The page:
You are on page 1of 6

SECOND DIVISION

[G.R. No. 117660. December 18, 2000]


AGRO CONGLOMERATES, INC. and MARIO SORIANO, Petitioners, v. THE HON. COURT
OF APPEALS and REGENT SAVINGS and LOAN BANK, INC., Respondents.
DECISION
QUISUMBING, J.:

chanrobles virtual law library

This is a petition for review challenging the decision1 dated October 17, 1994 of the Court of
Appeals in CA-G.R. No. 32933, which affirmed in toto the judgment of the Manila Regional
Trial Court, Branch 27, in consolidated Cases Nos. 86-37374, 86-37388, 86-37543.
chanrobles virtual law library

This petition springs from three complaints for sums of money filed by respondent bank against
herein petitioners. In the decision of the Court of Appeals, petitioners were ordered to pay
respondent bank, as follows:
chanrobles virtual law library

Wherefore, judgment is hereby rendered in favor of plaintiff and against defendants, as follows:

chanrobles

virtual law library

1) In Civil Case No. 86-37374, defendants [petitioners, herein] are orderedintly and severally, to
pay to plaintiff the amount of P78,212.29, together with interest and service charge thereon, at
the rates of 14% and 3% per annum, respectively, computed from November 10, 1982, until fully
paid, plus stipulated penalty on unpaid principal at the rate of 6% per annum, computed from
November 10, 1982, plus 15% as liquidated damage plus 10% of the total amount due, as
attorneys fees, plus costs;
chanrobles virtual law library

2) In Civil Case No. 86-37388, defendant is ordered to pay plaintiff the amount of P632,911.39,
together with interest and service charge thereon at the rate of 14% and 3% per annum,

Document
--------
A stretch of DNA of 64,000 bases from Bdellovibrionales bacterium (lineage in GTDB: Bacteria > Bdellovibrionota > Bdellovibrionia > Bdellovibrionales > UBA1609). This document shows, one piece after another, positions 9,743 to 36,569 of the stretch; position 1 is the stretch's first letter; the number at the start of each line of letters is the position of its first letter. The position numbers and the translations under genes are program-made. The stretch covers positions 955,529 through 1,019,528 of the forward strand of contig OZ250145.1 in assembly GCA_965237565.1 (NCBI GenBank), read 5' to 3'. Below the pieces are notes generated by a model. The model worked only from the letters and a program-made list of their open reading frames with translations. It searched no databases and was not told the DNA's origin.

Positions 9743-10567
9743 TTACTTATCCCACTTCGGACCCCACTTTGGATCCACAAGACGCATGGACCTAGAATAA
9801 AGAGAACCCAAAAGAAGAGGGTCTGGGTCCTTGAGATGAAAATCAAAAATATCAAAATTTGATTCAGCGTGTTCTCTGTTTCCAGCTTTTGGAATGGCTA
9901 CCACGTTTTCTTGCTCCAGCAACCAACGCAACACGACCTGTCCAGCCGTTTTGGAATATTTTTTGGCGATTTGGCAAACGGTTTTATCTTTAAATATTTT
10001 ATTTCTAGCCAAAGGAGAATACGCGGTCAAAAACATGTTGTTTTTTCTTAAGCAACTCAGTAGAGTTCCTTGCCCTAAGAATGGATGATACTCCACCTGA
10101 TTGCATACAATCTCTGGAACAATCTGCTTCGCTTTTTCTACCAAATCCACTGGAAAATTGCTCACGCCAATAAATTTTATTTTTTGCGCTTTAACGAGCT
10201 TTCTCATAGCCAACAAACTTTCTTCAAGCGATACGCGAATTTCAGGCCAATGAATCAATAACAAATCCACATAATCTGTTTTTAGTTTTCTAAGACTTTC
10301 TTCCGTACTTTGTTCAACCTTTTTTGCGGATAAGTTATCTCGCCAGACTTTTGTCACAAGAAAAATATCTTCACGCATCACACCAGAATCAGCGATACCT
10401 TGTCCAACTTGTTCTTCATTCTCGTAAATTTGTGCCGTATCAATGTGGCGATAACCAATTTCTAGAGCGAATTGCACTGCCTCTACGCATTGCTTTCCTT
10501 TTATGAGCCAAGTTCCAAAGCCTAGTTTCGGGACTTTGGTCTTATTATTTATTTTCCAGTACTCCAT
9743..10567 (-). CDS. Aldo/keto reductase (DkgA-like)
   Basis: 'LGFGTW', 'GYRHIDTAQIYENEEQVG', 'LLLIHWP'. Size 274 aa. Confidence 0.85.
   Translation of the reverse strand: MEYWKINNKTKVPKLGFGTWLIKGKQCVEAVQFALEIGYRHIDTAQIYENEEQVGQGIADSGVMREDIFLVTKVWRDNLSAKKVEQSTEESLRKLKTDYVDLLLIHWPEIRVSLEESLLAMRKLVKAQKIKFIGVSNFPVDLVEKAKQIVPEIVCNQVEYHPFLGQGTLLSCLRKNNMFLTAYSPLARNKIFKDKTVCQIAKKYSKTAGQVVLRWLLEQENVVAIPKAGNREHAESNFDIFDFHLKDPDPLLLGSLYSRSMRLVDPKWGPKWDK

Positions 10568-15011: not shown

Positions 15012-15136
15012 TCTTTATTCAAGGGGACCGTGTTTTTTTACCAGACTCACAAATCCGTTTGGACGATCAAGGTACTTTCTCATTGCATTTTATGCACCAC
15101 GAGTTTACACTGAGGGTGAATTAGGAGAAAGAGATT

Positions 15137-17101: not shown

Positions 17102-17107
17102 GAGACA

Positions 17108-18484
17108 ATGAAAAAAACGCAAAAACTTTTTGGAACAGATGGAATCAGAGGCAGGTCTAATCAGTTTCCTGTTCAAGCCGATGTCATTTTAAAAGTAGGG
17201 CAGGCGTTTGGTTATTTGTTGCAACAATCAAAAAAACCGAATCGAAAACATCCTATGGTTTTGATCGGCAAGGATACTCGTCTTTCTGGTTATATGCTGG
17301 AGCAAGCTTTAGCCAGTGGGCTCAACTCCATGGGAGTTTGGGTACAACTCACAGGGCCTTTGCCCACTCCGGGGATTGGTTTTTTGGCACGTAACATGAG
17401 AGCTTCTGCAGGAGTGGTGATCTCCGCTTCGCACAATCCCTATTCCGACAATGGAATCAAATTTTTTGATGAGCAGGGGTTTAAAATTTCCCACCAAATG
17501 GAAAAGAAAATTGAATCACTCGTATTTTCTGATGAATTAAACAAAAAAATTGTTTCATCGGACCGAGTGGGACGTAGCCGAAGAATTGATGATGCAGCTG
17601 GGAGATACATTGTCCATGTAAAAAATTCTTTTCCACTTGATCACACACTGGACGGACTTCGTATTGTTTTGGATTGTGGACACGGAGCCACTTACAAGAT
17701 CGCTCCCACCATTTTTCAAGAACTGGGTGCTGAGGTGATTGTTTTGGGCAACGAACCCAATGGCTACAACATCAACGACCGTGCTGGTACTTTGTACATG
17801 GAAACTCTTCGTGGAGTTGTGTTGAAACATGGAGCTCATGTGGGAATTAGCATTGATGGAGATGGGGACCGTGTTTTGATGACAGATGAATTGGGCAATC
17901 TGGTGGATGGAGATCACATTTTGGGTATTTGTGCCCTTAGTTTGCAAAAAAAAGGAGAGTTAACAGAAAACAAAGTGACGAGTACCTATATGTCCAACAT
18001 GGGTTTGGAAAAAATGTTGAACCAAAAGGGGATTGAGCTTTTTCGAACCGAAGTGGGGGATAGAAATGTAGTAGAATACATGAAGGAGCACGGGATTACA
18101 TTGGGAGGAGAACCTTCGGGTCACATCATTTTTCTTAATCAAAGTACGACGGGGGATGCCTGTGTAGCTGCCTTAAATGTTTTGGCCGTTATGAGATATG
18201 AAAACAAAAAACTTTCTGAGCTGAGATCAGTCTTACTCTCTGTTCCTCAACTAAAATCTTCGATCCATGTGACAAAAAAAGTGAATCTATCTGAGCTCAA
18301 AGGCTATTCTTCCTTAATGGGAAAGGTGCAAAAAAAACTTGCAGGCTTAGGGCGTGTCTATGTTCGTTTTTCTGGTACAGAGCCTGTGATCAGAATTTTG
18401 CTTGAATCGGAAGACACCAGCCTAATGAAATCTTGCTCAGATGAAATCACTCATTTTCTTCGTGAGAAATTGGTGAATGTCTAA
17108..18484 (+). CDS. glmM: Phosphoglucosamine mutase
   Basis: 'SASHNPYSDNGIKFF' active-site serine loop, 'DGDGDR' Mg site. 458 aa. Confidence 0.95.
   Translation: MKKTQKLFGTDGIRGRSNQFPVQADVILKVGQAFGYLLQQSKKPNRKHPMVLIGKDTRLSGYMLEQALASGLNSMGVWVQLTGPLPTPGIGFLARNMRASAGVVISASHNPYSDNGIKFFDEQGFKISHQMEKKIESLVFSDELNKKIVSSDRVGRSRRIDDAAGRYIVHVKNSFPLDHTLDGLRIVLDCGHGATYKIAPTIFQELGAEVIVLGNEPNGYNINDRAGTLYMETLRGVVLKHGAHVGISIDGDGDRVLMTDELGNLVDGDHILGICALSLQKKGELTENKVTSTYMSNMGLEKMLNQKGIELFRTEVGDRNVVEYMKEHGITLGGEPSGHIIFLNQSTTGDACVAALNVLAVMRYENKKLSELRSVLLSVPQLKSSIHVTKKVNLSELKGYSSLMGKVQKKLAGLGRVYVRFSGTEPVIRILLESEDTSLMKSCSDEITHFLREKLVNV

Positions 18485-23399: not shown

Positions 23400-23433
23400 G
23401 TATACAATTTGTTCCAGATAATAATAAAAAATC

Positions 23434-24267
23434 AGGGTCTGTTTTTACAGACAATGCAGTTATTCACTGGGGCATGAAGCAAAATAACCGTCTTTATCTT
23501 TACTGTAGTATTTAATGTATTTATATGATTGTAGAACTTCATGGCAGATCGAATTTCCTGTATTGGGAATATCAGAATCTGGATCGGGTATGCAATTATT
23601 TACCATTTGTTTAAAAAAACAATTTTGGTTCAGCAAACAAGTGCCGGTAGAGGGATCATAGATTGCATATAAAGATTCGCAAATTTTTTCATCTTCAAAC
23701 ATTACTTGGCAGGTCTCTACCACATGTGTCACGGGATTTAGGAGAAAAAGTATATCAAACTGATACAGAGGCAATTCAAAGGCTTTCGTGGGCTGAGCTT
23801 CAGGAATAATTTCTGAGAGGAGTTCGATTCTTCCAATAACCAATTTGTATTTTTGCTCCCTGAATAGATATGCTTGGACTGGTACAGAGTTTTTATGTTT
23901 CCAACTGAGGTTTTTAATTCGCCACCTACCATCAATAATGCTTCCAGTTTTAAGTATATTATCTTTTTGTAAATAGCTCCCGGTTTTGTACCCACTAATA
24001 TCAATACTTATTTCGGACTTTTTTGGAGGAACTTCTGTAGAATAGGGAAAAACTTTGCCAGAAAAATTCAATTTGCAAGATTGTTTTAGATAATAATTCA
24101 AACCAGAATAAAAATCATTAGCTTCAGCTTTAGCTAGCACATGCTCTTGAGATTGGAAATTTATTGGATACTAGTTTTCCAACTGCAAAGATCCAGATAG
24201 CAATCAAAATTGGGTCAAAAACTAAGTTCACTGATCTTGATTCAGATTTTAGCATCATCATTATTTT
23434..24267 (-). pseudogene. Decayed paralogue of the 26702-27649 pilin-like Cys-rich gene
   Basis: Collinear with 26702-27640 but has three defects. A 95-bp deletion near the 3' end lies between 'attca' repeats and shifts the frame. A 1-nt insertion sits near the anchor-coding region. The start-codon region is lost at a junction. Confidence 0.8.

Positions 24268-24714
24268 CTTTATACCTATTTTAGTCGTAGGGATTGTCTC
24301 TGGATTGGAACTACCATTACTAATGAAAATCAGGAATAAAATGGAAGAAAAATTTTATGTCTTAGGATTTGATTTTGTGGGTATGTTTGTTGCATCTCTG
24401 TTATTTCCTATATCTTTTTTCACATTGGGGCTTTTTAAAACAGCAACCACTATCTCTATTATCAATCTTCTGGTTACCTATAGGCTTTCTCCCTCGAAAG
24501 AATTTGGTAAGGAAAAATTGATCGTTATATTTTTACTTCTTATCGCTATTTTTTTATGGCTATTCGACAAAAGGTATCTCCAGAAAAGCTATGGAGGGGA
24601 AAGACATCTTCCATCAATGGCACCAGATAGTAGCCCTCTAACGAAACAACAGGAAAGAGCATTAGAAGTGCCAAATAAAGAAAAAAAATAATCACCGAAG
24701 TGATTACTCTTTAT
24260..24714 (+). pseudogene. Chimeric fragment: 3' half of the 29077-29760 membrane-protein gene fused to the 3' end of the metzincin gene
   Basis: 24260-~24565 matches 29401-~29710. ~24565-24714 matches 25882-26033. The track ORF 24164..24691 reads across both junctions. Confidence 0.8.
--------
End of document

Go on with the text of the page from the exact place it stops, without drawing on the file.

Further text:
respectively, computed from January 15, 1983, until fully paid, plus stipulated penalty on unpaid
principal at the rate of 6% per annum, computed from January 15, 1983, plus liquidated damages
equivalent to 15% of the total amount due, plus attorneys fees equivalent to 10% of the total
amount due, plus costs; and
chanrobles virtual law library

3) In Civil Case No. 86-37543, defendant is ordered to pay plaintiff, on the first cause of action,
the amount of P510,000.00, together with interest and service charge thereon, at the rates of 14%
and 2% per annum, respectively, computed from March 13, 1983, until fully paid, plus a penalty
of 6% per annum, based on the outstanding principal of the loan, computed from March 13,
1983, until fully paid; and on the second cause of action, the amount of P494,936.71, together
with interest and service charge thereon at the rates of 14% and 2%, per annum, respectively,
computed from March 30, 1983, until fully paid, plus a penalty charge of 6% per annum, based
on the unpaid principal, computed from March 30, 1983, until fully paid, plus (on both causes of
action) an amount equal to 15% of the total amounts due, as liquidated damages, plus attorneys
fees equal to 10% of the total amounts due, plus costs.[2
chanrobles virtual law library

Based on the records, the following are the factual antecedents.

chanrobles virtual law library

On July 17, 1982, petitioner Agro Conglomerates, Inc. as vendor, sold two parcels of land to
Wonderland Food Industries, Inc. In their Memorandum of Agreement,3 the parties covenanted
that the purchase price of Five Million (P5,000,000.00) Pesos would be settled by the vendee,
under the following terms and conditions: (1) One Million (P1,000,000.00) Pesos shall be paid in
cash upon the signing of the agreement; (2) Two Million (P2,000,000.00) Pesos worth of
common shares of stock of the Wonderland Food Industries, Inc.; and (3) The balance of
P2,000,000.00 shall be paid in four equal installments, the first installment falling due, 180 days
after the signing of the agreement and every six months thereafter, with an interest rate of 18%
per annum, to be advanced by the vendee upon the signing of the agreement.
chanrobles virtual law library

On July 19, 1982, the vendor, the vendee, and the respondent bank Regent Savings & Loan Bank
(formerly Summa Savings & Loan Association), executed an Addendum[4to the previous
Memorandum of Agreement. The new arrangement pertained to the revision of settlement of the
initial payments of P1,000,000.00 and prepaid interest of P360,000.00 (18% of P2,000,000.00)